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Aem maintenance

Covers the key maintenance activities to be planned for any AEM implementation. Covers the backup, compaction, purging and cloning processes

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Aem maintenance

  1. 1. AEM MAINTENANCE Key maintenance activities to be planned for an AEM implementation
  2. 2. BACKUP • Why backup • Storage elements • Planning for backup • Online backup • Offline backup • Other approaches
  3. 3. Why Backup • Typically there is enough redundancy of the AEM instances to fallback on when a server fails • Author is configured in primary/standby mode – standby can be used in case the primary fails • Publish is configured as a set of farms with multiple publish instances in each farm. Other instances acts as fallback when a publish instance fails. • But • Standby author is in near real-time sync with primary. If primary gets corrupted, standby also gets corrupted because of this near real-time sync • All publish instances across farms are kept in sync. When a user (maliciously or inadvertently) deletes a bulk of content, it gets deleted in all instances • We need backup to restore the system to a state as at some previous point in time
  4. 4. Storage elements Software & Configuration • AEM software itself along with its configuration, hotfixes & service packs • Less frequently changed • Includes all folders under crx- quickstart except repository and logs folder Custom Application(s) • Custom developed applications that are deployed • Changes for every new version released • On installation, it gets stored as content or software configuration Content - Nodestore • The repository tree which holds all the content created, its version history and audit logs • More frequently changed • Stored at repository/segmentstore under crx-quickstart Content – Datastore • Optionally configured separate binary store for large assets • Changes when a large asset gets added or modified • Path configurable, can be shared with other instances Logs • Gets generated under the logs folder • The split-up, no. of files, log level & path are configurable • Typically not of much value to be backed up Search Indexes • Automatically generated under repository/index • Can be regenerated manually when needed • Can be skipped to optimize space during backup
  5. 5. Planning for backup • Backup the primary author and at-least one publish instance. If spread across data centers, plan to backup one instance per data center • Decide on using online or offline backup. Offline backup requires downtime of the instance • Finalize how to split the backup. For example • Datastore can be backed up using a file copy program like rsync while the other elements can be backed up through online backup option (or) • Nodestore alone can be backed up using online backup and other content can be backed up using a file copy program • Decide what to exclude from the backup. Might want to exclude logs and search indexes from backup to optimize space AEM backup takes a copy of everything under the installation folder. Organize the paths accordingly to exclude certain elements from backup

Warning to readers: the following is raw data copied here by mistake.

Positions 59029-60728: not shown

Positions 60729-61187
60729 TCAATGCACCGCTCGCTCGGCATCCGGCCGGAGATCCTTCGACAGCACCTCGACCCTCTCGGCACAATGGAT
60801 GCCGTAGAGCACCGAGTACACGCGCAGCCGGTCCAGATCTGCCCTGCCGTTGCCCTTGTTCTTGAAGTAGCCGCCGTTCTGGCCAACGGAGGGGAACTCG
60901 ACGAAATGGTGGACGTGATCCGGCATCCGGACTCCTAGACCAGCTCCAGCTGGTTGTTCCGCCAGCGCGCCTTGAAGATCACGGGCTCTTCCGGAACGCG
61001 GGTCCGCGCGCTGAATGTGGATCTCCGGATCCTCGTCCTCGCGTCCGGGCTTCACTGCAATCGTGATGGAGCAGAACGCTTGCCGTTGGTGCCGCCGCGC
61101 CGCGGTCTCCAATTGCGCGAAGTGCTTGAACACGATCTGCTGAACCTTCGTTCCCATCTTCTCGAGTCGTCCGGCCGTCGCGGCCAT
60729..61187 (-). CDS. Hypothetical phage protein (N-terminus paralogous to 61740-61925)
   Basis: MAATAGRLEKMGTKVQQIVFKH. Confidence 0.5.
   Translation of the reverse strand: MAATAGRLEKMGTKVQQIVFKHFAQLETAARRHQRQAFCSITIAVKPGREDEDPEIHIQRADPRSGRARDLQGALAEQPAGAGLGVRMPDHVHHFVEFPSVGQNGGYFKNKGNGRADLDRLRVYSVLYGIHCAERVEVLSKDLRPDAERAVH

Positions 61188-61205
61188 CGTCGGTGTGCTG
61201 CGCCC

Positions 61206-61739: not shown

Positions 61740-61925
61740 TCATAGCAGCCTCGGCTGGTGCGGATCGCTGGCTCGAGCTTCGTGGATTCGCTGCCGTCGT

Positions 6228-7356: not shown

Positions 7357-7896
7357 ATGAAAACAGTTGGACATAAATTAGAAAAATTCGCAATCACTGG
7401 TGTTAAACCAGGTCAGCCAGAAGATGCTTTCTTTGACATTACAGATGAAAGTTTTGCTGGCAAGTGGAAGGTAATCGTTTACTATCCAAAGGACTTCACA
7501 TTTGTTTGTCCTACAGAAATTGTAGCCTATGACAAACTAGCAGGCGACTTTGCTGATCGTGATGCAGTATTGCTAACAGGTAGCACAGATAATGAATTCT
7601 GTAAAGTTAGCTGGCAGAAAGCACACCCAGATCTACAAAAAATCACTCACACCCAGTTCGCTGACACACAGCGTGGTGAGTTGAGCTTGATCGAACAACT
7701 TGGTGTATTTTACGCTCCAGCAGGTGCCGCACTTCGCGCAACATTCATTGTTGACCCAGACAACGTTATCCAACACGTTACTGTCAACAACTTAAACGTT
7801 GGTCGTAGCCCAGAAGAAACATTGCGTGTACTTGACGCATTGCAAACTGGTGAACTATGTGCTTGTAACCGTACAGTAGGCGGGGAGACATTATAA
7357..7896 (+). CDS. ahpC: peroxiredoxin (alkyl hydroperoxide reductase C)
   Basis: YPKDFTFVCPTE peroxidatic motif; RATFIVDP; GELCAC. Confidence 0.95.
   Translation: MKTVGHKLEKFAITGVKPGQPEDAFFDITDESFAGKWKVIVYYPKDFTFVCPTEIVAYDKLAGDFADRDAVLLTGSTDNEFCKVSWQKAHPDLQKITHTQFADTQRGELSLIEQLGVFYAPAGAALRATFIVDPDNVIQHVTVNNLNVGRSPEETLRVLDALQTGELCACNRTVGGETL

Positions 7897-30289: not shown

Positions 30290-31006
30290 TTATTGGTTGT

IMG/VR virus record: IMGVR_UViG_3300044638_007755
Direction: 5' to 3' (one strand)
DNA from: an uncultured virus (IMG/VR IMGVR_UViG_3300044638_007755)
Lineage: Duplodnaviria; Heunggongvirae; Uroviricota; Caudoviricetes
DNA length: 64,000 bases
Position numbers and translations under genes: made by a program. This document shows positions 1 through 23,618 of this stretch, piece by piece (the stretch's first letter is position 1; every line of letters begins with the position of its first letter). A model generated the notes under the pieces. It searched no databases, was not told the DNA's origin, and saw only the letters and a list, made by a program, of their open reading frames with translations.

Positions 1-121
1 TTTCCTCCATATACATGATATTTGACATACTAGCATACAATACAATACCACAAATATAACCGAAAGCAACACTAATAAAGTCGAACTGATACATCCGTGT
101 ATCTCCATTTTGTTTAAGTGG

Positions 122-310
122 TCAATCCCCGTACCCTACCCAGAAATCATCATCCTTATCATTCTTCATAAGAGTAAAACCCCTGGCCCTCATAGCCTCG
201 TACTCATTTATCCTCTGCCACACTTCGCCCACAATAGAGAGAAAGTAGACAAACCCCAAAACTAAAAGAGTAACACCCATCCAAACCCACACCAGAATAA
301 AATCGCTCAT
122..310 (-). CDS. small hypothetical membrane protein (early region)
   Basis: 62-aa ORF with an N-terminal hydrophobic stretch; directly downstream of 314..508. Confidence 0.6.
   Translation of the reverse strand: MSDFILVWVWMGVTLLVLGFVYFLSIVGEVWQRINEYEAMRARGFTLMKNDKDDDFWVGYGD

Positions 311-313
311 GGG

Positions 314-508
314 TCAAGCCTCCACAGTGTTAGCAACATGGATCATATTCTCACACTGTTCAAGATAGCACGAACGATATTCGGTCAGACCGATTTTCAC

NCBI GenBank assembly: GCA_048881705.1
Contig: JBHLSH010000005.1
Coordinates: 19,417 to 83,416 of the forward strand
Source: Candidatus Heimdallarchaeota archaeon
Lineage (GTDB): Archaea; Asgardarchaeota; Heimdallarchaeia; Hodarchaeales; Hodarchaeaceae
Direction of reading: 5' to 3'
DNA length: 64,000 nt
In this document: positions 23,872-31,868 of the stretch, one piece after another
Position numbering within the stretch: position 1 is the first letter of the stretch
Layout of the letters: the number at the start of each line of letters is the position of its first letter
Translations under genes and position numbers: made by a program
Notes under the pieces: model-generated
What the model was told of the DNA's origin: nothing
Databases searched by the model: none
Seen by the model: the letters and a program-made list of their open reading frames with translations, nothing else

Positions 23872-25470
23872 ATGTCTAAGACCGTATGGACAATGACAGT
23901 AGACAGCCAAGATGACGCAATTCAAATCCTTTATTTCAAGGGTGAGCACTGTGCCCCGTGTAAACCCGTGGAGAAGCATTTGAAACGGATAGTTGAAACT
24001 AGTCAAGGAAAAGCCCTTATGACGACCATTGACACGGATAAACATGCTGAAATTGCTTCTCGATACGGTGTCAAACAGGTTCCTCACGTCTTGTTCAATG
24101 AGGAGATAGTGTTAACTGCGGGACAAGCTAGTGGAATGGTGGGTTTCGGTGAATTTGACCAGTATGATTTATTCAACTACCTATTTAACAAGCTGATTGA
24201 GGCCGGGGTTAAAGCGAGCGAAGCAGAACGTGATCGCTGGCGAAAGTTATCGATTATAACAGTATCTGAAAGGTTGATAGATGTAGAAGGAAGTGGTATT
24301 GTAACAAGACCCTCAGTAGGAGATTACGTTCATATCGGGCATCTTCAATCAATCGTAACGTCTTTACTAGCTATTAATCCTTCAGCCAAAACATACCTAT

6. 6. Offline backup • There are two approaches to do offline backup • The standard approach is to • Stop the AEM instance • Use a file copy program like rsync to take the snapshot of the AEM folder • Start the instance after the copy is complete • The other option is to block the repository writes • Execute the method blockRepositoryWrites on the mbean “com.adobe.granite (Repository)” to block the repository • Use a file copy program to take the snapshot of the AEM folder • Execute the method unblockRepositoryWrites on the mbean “com.adobe.granite (Repository)” to unblock the repository When using offline backup, take the snapshot of the AEM folder to the target path once before stopping or blocking the server. This way only the differential would get copied when taking snapshot after stopping the server
  7. 7. Online backup • Online backup creates a backup of the entire AEM installation folder • Format of the backup is decided based on the target path • If the target path is a file with .zip extension, backup is stored as a compressed zip file • If the target path is a directory, snapshot of AEM installation is created in this target directory • Invoke the method startBackup on the jmx bean “com.adobe.granite (Repository)” to start the backup • Or use backup tool at http://<hostname>:<port-number>/libs/granite/backup/content/admin.html • A file named backupInProgress.txt will be present at the target path till the backup gets completed
  8. 8. Online backup – Other points • When creating backup to a directory • Taking the backup to the same directory where the previous backup is kept copies only the differential. This significantly improves performance • Do not use the zip format for backup • Requires twice the space needed for directory backup while in progress • The compression step impacts the performance of AEM and takes longer time to complete (use external compression tool if needed) • Does not take advantage of differential copy, when online backup is done to the same path • Backup specific directory • Specify the source path to take backup of a specific directory under AEM • Can be leveraged to take the backup of the nodestore more frequently